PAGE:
Atlas The Mighty is dead. The sky is (literally) about to fall. Your Major Spoilers review of Danger Street #3 from DC Comics awaits!
DANGER STREET #3
Writer: Tom King
Artist: Jorge Fornes
Colorist: Dave Stewart
Letterer: Clayton Cowles
Editor: Brittany Holzherr
Publisher: DC Comics
Cover Price: $4.99
Release Date: February 14, 2023
Previously in Danger Street: The repercussions of Atlas the Great’s death play out worlds away as two old enemies become allies in the fight to save the Multiverse. Meanwhile, Lady Cop continues her search for Good Looks’ killer, the disgraced hero Starman. Little does she know; the fugitive is on his way to the City of Angels to make a deal with the devil. Will his sacrifice be enough to set things right?
THERE IS STILL ONE WHO MIGHT HOLD UP THE SKY
Issue three begins with three groups ruminating on three deaths: Darkseid and Highfather have engaged Metron to investigate the shocking death of Atlas, while Starman and Warlord deal with the fallout of Metamorpho’s demise, and the three remaining Dingbats plot to murder the guy who killed their friend Good Looks. Since that guy is Starman, the situation is complicated, as the “Lady Cop” finds when she tries to investigate the “blue alien.” At the behest of the Grandmaster, Manhunter Mark Shaw makes an attempt to assassinate Commodore Murphy, but is foiled by the powers of Codename: Assassin. Starman trades Metamorpho’s diamond arm to get a meeting with Cecil Sunbeam, only to have the Starmaker demand Warlord’s sword in return for the favor that will bring Metamorpho back from beyond, while The Creeper… just kinda creeps.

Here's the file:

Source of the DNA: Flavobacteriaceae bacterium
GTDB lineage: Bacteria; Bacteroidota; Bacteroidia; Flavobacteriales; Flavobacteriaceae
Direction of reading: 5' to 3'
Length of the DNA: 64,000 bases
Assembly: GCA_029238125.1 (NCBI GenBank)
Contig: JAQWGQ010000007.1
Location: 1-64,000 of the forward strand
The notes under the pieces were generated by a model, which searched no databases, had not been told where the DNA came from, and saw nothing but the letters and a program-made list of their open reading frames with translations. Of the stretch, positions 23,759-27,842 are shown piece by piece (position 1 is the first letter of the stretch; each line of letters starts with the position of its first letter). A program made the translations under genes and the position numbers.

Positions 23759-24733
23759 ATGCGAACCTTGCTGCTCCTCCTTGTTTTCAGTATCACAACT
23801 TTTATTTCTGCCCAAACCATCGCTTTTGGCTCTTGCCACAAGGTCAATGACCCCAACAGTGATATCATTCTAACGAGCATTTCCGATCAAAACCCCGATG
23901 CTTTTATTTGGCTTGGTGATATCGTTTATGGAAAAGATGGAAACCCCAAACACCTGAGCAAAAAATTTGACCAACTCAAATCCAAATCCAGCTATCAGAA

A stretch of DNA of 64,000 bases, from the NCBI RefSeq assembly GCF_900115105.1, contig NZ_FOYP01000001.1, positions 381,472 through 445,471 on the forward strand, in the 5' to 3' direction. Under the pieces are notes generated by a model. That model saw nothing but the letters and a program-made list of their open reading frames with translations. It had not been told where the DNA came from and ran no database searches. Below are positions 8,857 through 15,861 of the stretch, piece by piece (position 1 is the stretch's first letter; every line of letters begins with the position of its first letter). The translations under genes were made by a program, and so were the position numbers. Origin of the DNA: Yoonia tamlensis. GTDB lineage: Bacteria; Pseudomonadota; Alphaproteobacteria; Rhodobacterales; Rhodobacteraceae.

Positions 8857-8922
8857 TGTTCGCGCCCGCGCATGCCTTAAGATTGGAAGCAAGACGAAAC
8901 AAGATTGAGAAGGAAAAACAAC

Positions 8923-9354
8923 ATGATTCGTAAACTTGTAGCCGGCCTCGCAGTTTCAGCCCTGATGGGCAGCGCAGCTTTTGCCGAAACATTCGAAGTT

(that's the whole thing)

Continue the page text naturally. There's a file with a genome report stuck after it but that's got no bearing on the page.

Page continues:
SPINNING THE WHEELS A BIT
This issue slows down the narrative in a very noticeable way, focusing on conversation after conversation. That’s not always a bad thing, but much of what we hear is just exposition, explaining what a reader can already pick up by context cues. When it comes to the “realistic” parts of the tale, like the Lady Cop’s investigation and Jack Ryder’s worries about television ratings, that slow down helps to emphasize the gritty aspects of the tale. The problem is, this isn’t a gritty, realistic tale, and the cracks between the multiple points of view are starting to show. The use of Darkseid and Highfather really feels out of place here with arguments about tone, while the battle of wills between Assassin and Manhunter feels equally misdirected after seeing Orion in combat, and Starman bartering to resurrect his elemental pal. Fornes’ art is a little rougher than previous issues, as well, with what feels like ragged edges and expressions that go way too broad. Orion’s face on the final page was drawn to be disturbing due to his madness, but it ends up being horrifying for the wrong reasons.
BOTTOM LINE: NOT MY FAVORITE ISSUE
After two issues that kept things mostly balanced, Danger Street #3 starts to tilt into the dark and hopeless aspects of King’s writing to the detriment of reader enjoyment, while Fornes’ art feels rushed for the first time, wrapping up to a less-satisfying 2.5 out of 5 stars overall. The difficulty of making a cast this dissimilar work in one coherent story framework is starting to swamp the story, making me desperately wish for something to break the grim and nihilistic tone.
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DANGER STREET #3
A slow-moving, talky issue that makes it seem that this series didn't actually need twelve issues to do what it wants to do, and the nihilism is starting to grate a little bit.